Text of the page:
Thursday, May 26, 2005


Heroes And Villains Part 1

The Smile DVD set has two discs, one with the "Beautiful Dreamer" documentary, and the second with the complete live performance of the reconstructed "Smile" suite. So far, I've only had the chance to watch the documentary DVD, which was indeed interesting for not only the background but some of the at-work glimpses, which are indeed moving. The documentary isn't afraid to point the finger at least partially at Mike Love (although it's done in a circumspect manner, probably because of the then-pending litigation between Mike Love and Brian Wilson) for the abortion of the original Smile project, however, it doesn't unnecessarily dwell on that. There are many cool insights, especially from Carol Kaye and Hal Blaine, the Wrecking Crew bastions who anchored the sessions, along with many other observations from friends and interested parties (including interestingly, Sir George Martin; there's a very heartwarming scene at the concert venue just before the show with Paul McCartney greeting Brian). I was incredibly impressed with Brian's touring band, who's absolutely amazing in pulling off this rich, difficult music. Some of the instrumentation is intriguing, lots of el-cheapo instruments that you wouldn't have expected (e.g Danelectros, low-end Fenders) pulled together in what's probably the first rock symphony. The band's previous live recordings with Brian (the Roxy album, plus the complete Pet Sounds CD and DVD) were nothing short of amazing, recreating sounds that I thought simply couldn't be duplicated on stage.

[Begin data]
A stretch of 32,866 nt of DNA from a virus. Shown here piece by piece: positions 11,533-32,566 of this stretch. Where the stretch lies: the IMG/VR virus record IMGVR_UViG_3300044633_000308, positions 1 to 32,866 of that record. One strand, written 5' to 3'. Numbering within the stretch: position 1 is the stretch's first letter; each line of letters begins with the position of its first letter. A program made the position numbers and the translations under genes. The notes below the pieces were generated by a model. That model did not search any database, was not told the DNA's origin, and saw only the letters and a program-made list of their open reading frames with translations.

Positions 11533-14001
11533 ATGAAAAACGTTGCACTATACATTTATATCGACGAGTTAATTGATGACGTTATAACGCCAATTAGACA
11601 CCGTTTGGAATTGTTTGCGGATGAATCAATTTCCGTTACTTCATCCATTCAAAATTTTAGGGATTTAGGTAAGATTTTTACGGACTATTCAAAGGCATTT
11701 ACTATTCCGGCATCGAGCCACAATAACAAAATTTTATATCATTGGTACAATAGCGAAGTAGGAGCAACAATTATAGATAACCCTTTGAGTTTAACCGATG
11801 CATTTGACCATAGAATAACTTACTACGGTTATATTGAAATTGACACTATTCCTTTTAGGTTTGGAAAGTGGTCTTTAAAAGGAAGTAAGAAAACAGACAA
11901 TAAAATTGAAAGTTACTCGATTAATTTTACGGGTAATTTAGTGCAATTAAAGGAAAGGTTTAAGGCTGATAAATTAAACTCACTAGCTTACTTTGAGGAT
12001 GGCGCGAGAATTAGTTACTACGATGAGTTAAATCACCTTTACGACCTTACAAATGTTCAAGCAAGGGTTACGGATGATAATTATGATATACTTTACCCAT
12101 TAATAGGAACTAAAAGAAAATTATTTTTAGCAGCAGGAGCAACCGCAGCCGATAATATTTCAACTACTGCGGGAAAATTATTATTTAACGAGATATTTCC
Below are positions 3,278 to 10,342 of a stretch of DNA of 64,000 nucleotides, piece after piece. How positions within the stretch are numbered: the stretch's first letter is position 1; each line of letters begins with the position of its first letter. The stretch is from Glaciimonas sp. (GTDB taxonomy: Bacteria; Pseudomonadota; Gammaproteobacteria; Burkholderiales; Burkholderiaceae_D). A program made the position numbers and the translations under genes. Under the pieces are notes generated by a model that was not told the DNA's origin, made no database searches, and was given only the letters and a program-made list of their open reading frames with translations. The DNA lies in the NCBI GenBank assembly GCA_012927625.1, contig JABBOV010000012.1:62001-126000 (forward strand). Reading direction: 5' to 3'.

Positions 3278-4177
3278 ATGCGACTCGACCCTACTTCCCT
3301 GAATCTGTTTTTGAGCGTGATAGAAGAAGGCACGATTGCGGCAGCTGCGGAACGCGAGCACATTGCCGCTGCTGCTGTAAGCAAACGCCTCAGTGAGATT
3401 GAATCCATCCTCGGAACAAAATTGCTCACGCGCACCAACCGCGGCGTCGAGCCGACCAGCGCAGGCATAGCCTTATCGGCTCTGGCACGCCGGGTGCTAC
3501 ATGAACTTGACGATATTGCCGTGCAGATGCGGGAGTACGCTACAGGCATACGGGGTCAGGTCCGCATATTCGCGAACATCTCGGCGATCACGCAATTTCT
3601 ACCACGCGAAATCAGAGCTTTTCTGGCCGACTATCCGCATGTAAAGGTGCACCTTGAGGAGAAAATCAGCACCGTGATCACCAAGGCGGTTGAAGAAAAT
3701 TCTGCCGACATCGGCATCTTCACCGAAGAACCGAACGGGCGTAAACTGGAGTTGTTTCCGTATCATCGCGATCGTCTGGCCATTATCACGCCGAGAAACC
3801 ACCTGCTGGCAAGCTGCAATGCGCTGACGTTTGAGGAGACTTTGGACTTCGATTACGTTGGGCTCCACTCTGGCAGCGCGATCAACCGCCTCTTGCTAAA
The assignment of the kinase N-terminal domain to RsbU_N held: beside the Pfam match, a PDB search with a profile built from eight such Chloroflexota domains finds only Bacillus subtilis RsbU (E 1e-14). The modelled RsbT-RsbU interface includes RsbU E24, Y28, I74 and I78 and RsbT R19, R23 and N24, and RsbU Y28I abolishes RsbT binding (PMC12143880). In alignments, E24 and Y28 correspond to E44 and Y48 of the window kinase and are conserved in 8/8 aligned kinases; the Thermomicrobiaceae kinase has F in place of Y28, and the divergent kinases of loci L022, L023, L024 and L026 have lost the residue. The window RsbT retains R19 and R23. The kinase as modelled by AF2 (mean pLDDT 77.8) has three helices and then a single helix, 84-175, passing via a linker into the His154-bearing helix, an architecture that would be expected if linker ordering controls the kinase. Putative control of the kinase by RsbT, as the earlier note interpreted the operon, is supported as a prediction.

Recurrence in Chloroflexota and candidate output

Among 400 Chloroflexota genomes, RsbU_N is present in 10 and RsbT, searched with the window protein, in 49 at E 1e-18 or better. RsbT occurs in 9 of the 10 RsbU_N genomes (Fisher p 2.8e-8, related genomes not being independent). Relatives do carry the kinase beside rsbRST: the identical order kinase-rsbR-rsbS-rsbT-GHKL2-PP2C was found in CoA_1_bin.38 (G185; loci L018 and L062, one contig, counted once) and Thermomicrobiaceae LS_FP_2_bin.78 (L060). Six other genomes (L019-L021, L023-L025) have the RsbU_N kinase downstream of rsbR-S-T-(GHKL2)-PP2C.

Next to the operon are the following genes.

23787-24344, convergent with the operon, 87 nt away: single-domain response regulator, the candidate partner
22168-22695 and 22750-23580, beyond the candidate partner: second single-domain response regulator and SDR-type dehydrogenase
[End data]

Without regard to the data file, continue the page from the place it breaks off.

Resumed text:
One rather interesting theme in the backgrounder portion of the documentary is that there's a bit of disingenuous denial on the part of some observers that drugs had something to do with the original album's eventual demise. Brian's honest enough to admit in the documentary that he was indeed gobbling down certain substances (although the documentary makes the point that LSD was legal until sometime in 1966 in California) and that he might've indeed been impacted, but the external observers are more blameful of the rest of the Beach Boys and Murry Wilson for Brian's state than anything else. I can only say that Brian seems a very haunted man as a result of everything he's been through, however, there are just some moments when he opens up and it's as if a spotlight begins shining. For whatever it's worth, this does indeed seem to be healing this genius.

The only thing of course is to watch the actual concert, and I'll admit to having mixed emotions about it. While I love Pet Sounds, and was blown away by Brian and the band pulling off reproducing it live, Smile's an album that really isn't for everybody. It's definitely a mood thing with me, as the Dumb Angel concept is something that's just a bit out there, and the travelogue theme (which I'd never heard about until Van Dyke Parks mentioned it in the documentary) is just a bit forced. There's lots of music I like here, but truth be told, there's much more filler and interstitial stuff here than in Pet Sounds, which I just relate to on the basis of being an angst-ridden kvetch. The snippet I saw of them reproducing Cabin Essence was indeed awesome, as in many ways I regard that as Brian's vocal magnum opus (during the "Who ran the iron horse" bit). Other bits, such as Roll Plymouth Rock, or Vega-Tables, just leave me cold, to be honest. Perhaps the inclusion of something like Til I Die might've changed my opinion, or for that matter, the live arrangement of Heroes and Villains (as done on the 1972 In Concert album) might change my opinion. The album is a bit lethargic and monotonous in tempo, unlike the much more dynamic Pet Sounds.


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